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  #11  
Old 12-29-2005, 05:12 PM
MMMMMM MMMMMM is offline
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Default Re: Conditional Suffrage?

[ QUOTE ]
A short quiz on where the presidential candidates stand on major issues would be a good prerequisite.

[/ QUOTE ]

I disagree, since "where the presidential candidates stand on major issues" can be difficult to frame objectively.

A much better prerequisite test, if there is to be one, would examine two objectively measurable skills of great importance: 1) logic, and 2) reading comprehension.
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  #12  
Old 12-29-2005, 05:16 PM
DougShrapnel DougShrapnel is offline
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Default Re: Conditional Suffrage?

[ QUOTE ]
I wonder how many people proposing a civic's knowledge test as a voting requirement could actually pass the test they advocate.

[/ QUOTE ] Well the test can be fashioned in a manner to get any % you would like. Because of the way that polititians work, It is a bad idea to have these tests. But I would venture a guess that between 10% and 35% of the population would be qualified to have a direct vote on issues. I have no way of actually knowing what the political powers would chose to test, so I can't give an accurate answer. The rest would still require representation. I think the test should be fahioned not on candidates but on The Consitution, ethics, and government knowledge. I also wonder how many polititians would be able to pass it? There needs to be a migration from representative democracy toward direct democracy.
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  #13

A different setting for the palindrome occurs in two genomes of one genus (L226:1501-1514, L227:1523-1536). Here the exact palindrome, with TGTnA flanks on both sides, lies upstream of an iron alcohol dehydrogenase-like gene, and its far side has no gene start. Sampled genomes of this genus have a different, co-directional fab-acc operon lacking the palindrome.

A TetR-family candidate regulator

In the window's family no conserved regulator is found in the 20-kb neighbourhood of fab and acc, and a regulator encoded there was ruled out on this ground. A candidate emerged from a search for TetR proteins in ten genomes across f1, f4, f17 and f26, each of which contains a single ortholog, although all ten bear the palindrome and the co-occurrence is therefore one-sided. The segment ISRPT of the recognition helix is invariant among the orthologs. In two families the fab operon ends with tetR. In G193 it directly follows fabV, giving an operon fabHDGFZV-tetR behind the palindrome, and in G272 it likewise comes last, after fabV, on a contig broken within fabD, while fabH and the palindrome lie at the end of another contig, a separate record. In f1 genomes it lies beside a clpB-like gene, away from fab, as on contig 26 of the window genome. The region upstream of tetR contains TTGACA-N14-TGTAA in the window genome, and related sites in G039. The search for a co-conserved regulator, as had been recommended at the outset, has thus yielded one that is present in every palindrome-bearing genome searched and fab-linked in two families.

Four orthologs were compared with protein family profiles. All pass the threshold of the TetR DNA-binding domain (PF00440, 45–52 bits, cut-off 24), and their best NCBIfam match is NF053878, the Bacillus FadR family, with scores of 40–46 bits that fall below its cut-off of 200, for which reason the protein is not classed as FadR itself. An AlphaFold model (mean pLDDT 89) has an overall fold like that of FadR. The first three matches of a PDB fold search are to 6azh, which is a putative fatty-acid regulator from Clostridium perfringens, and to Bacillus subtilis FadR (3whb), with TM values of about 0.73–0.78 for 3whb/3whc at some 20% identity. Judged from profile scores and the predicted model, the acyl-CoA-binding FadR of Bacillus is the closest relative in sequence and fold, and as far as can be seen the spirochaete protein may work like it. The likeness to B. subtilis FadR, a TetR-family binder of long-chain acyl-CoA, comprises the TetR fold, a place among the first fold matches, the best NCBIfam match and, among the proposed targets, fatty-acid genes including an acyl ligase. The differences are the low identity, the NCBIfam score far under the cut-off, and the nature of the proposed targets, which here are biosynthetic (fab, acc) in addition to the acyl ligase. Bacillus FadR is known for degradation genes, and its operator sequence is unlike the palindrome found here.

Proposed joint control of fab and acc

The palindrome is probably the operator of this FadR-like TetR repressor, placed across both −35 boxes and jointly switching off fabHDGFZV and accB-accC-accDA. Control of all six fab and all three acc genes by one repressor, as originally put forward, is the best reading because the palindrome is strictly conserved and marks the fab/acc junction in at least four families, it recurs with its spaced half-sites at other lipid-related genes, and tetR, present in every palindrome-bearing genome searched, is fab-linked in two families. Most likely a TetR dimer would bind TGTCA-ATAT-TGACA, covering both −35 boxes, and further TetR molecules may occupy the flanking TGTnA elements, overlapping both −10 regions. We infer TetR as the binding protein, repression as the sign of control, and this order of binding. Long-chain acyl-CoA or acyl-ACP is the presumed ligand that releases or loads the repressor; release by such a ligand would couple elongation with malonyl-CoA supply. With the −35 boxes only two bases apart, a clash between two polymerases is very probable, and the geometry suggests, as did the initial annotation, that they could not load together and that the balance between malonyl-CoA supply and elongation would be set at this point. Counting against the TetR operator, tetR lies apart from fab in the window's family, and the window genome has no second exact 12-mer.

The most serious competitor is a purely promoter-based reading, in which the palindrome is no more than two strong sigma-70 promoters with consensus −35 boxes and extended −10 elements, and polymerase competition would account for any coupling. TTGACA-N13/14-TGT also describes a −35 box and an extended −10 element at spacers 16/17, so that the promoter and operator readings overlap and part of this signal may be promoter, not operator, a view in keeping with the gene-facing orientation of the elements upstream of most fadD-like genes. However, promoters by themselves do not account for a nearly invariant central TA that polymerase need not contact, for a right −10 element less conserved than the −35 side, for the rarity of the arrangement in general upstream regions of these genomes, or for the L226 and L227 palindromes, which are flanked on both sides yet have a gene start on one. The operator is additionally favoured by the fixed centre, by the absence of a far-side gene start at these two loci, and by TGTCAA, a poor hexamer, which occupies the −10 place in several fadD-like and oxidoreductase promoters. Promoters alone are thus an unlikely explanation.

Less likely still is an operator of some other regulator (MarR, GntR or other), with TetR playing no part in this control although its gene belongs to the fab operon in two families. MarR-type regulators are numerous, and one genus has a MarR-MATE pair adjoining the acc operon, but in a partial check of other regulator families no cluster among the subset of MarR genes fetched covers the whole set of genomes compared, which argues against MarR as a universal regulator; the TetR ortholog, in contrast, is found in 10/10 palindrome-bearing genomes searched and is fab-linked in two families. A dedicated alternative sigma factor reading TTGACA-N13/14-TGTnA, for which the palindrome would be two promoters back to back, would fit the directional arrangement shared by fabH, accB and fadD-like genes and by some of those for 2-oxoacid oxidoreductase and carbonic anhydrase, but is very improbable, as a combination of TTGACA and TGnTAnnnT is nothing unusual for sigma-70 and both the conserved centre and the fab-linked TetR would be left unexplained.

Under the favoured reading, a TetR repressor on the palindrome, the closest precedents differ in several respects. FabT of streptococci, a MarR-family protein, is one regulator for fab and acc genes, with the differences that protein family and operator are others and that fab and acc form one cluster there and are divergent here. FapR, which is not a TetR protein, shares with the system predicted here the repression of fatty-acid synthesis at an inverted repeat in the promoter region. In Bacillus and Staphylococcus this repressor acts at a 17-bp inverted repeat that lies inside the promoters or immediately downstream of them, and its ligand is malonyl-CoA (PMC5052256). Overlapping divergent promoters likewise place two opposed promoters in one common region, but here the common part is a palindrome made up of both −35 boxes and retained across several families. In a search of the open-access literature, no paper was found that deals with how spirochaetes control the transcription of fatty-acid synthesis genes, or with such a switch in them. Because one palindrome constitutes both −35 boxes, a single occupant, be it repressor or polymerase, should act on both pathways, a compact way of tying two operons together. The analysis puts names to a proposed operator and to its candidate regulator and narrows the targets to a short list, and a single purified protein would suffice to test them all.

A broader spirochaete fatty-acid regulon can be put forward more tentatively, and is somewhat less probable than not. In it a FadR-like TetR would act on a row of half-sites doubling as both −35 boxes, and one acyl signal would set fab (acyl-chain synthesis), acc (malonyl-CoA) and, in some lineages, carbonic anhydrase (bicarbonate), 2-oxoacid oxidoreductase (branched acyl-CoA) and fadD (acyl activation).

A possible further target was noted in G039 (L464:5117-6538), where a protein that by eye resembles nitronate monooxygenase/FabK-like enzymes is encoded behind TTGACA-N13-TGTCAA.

Old 12-29-2005, 05:21 PM
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Default Re: Conditional Suffrage?

Maybe the politicians should have to fill out a standardized questionaire. Instead, they are marketed by the same PR folks who make toothpaste commercials.

Nice to see the John Kerry smear campaign was effective. When the facts change, I change my opinion, what do you do?
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  #14  
Old 12-29-2005, 05:25 PM
peritonlogon peritonlogon is offline
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Default Re: Conditional Suffrage?

[ QUOTE ]
[ QUOTE ]
A short quiz on where the presidential candidates stand on major issues would be a good prerequisite.

[/ QUOTE ]

I disagree, since "where the presidential candidates stand on major issues" can be difficult to frame objectively.

A much better prerequisite test, if there is to be one, would examine two objectively measurable skills of great importance: 1) logic, and 2) reading comprehension.

[/ QUOTE ]

That is how things were in the south until the 60's/70's... do you really think it's a good idea?
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  #15  
Old 12-29-2005, 05:26 PM
elwoodblues elwoodblues is offline
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Default Re: Conditional Suffrage?

My father-in-law who went to college but never graduated (relevant for later in the story) came up to me to discuss this at Christmas one year (he's the type of guy who doesn't have a good sense of timing for conversations.) Anyway, he says that only property owners should be entitled to vote.

"Why is that?" I ask.
He gives some line about how you should have to pay taxes to vote and property ownership ensures that.
"Really, is there a federal property tax?"
"Okay, maybe not property ownership, but they should be educated."
"There's an idea. I think you should have to have a high school diploma. If having a high school diploma makes for better voters, surely a college degree would be better. Don't you agree?"
Silence...
"And if a college degree is good, surely a graduate degree would be better. I propose only people with phd's or the equivalent in their field of study should be able to vote. Agree?"
Silence...broken a few minutes later by "I just don't think all the idiots should be able to vote."
"me either" I mumble to myself and offer him another beer.

The problem with conditional suffrage is that it will ALWAYS be used to ensure those who favor your political positions will vote and those who disfavor them will not. In short, it will always be abused.